“It seemed a vague sort of arrangement to leave an unknown girl in charge of such a valuable property…” You don’t say. And yet, you don’t run. Has your brain a gaudy neon sign proclaiming “Vacancy”? Bond fans, eh? Bit stoopid. At least the Phanceys leave her some eggs, so I suppose that’s a win-win for this weird semi-autobiographical-gendermash thing. “That last day I had expected the Phanceys to be rather nice to me.” I cannot see anything in this 007th Chapter’s description that would lead anyone bar a monumental imbecile to believe… ah. “Jed became tough and nasty…” Became? The atmosphere of sexualised aggression around this truck-stop harlot is definitely “screwed down”. Having proposed as a flippant theorem that Fleming is depicting her deliberately as the sort of idiot who would fall for Bond and all he stands for, I’m rapidly becoming convinced of it. I, Fleming, I was Vivienne, “educated” in and around Surrey in oh-so-many-ways; you, reader, you are Vivienne, because you are still overawed by Bond in your simple little doe-eyed way whereas I’ve grown out of my fascination with him and now know better. My cautionary tale is unheard by the self-inflicted deaf. I even bring myself in at the end as a police captain and lecture you and still you won’t listen. I give up.

     

    What’s that you say, Mr Saltzman? How much? Good lord. Where do I sign?

     

    “I went behind the cafeteria bar, turned on the electric cooker, and put out three eggs and six slices of hickory-smoked bacon. I was hungry.” Flabby, too, if that’s anything to go by. And yet, such meagre saddle-bags.

     

    One abandons this glutton fast-track to morbid obesity half-wit as there’s a loud hammering at the door (also a dark and stormy night, this Friday 13th; is no cliché left unmolested?), a splendidly terse cliffhanger, and wonder whether the book deserves a reputation as a failure. Insofar as it holds true to core Fleming elements such as chance (hopelessly improbable here) overcoming sinister “plans”, and grotesque villainy being juxtaposed with (…sort of) innocence, and the usual St George guff, it’s solidly representative of his work and only a departure in its surface execution. There’s even a beastly German. There’s a germ of a unique dramatic genre in developing Kitchen-Sink Fantastical; unique in the sense that no-one else was unwise enough to emulate it. A very difficult book to pigeonhole, but as far as that goes, a positive reinforcement of Ian Fleming as a more imaginative mind than other emanations of Bond have allowed his reputation to be. One can only fail if one tried in the first place, and therefore it can be commended for having bothered.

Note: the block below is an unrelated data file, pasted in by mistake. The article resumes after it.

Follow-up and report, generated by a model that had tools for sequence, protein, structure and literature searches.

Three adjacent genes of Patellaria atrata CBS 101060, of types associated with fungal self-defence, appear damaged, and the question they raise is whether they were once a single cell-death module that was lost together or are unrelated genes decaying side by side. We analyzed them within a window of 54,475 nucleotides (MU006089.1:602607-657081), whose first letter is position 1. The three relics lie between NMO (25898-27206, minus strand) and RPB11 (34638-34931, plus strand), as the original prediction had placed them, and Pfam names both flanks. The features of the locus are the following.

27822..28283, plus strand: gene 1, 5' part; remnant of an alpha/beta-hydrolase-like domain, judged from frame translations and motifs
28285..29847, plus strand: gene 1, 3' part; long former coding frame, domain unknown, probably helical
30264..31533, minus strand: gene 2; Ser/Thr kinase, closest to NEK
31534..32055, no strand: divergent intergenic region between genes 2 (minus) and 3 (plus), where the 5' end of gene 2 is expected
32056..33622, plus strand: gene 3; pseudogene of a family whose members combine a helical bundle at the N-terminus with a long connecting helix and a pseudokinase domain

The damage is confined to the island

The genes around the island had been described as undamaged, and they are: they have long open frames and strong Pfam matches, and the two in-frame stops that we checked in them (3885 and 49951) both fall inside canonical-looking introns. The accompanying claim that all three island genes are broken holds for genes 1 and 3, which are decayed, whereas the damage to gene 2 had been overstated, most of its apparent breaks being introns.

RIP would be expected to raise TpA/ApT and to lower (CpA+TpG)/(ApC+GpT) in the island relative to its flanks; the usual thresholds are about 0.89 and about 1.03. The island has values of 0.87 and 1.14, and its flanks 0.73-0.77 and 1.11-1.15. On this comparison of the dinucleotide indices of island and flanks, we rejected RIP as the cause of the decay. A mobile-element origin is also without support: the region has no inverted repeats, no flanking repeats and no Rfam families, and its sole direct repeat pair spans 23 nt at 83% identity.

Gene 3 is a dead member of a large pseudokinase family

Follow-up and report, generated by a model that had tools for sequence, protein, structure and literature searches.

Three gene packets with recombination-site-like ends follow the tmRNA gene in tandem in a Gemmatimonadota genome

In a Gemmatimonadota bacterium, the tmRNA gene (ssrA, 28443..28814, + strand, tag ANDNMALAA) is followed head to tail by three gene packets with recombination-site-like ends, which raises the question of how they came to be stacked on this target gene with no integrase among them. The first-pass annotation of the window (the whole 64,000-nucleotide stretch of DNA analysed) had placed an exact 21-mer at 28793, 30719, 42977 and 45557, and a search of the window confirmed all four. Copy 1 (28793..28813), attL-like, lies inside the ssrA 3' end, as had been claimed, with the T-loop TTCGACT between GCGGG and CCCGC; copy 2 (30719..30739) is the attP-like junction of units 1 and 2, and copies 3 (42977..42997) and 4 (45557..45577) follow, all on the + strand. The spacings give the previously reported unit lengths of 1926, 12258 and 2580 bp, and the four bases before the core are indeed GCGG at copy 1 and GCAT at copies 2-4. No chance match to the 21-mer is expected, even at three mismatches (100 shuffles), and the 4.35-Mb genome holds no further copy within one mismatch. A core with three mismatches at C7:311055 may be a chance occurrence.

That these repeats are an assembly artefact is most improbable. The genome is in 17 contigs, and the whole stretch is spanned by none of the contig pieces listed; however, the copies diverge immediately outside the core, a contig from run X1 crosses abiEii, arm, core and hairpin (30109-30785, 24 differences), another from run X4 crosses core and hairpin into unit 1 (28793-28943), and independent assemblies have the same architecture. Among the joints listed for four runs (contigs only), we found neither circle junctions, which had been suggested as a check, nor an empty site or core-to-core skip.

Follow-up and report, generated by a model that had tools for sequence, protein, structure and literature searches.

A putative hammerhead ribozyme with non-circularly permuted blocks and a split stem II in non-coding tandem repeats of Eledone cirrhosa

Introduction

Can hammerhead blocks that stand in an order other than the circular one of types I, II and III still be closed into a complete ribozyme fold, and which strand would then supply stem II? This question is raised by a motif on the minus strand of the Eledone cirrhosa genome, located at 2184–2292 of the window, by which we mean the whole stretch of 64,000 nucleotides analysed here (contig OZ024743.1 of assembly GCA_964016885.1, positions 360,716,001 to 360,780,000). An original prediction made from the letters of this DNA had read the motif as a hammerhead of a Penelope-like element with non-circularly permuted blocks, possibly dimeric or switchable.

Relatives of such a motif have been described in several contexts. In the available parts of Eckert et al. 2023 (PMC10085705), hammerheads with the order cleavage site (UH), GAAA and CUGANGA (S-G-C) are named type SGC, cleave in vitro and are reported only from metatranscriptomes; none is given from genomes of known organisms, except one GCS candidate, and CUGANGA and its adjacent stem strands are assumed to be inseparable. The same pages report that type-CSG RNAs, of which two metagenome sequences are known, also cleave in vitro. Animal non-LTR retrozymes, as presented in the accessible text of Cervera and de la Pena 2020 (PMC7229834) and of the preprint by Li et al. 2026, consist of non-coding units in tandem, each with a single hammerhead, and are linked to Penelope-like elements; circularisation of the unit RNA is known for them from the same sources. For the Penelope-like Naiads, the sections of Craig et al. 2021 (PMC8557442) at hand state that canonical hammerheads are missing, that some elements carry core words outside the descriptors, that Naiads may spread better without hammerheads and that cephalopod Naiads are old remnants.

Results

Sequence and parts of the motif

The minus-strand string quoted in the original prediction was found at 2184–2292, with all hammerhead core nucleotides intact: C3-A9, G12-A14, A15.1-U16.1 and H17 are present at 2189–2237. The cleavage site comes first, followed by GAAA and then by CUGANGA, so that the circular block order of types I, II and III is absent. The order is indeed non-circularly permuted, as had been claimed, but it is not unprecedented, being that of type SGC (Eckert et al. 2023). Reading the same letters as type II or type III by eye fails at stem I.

What’s unavoidable amongst swirling motives as graspable as dissolving fog is that the perceptible contempt for Bond developed in the previous handful of books and (especially) the short stories of For Your Eyes Only, now runs through Fleming’s work like marbled fat. Just to emphasise the point, two books will follow to put the rancid bastard through hell.

     

    James Bond will return in the 007th Chapter of On Her Majesty’s Secret Service. Mrs Jim is available for regional pantomime and emergency surgery. Jacques Stewart is probably in a lot of trouble now.

    Helmut Schierer @ 2015-01-27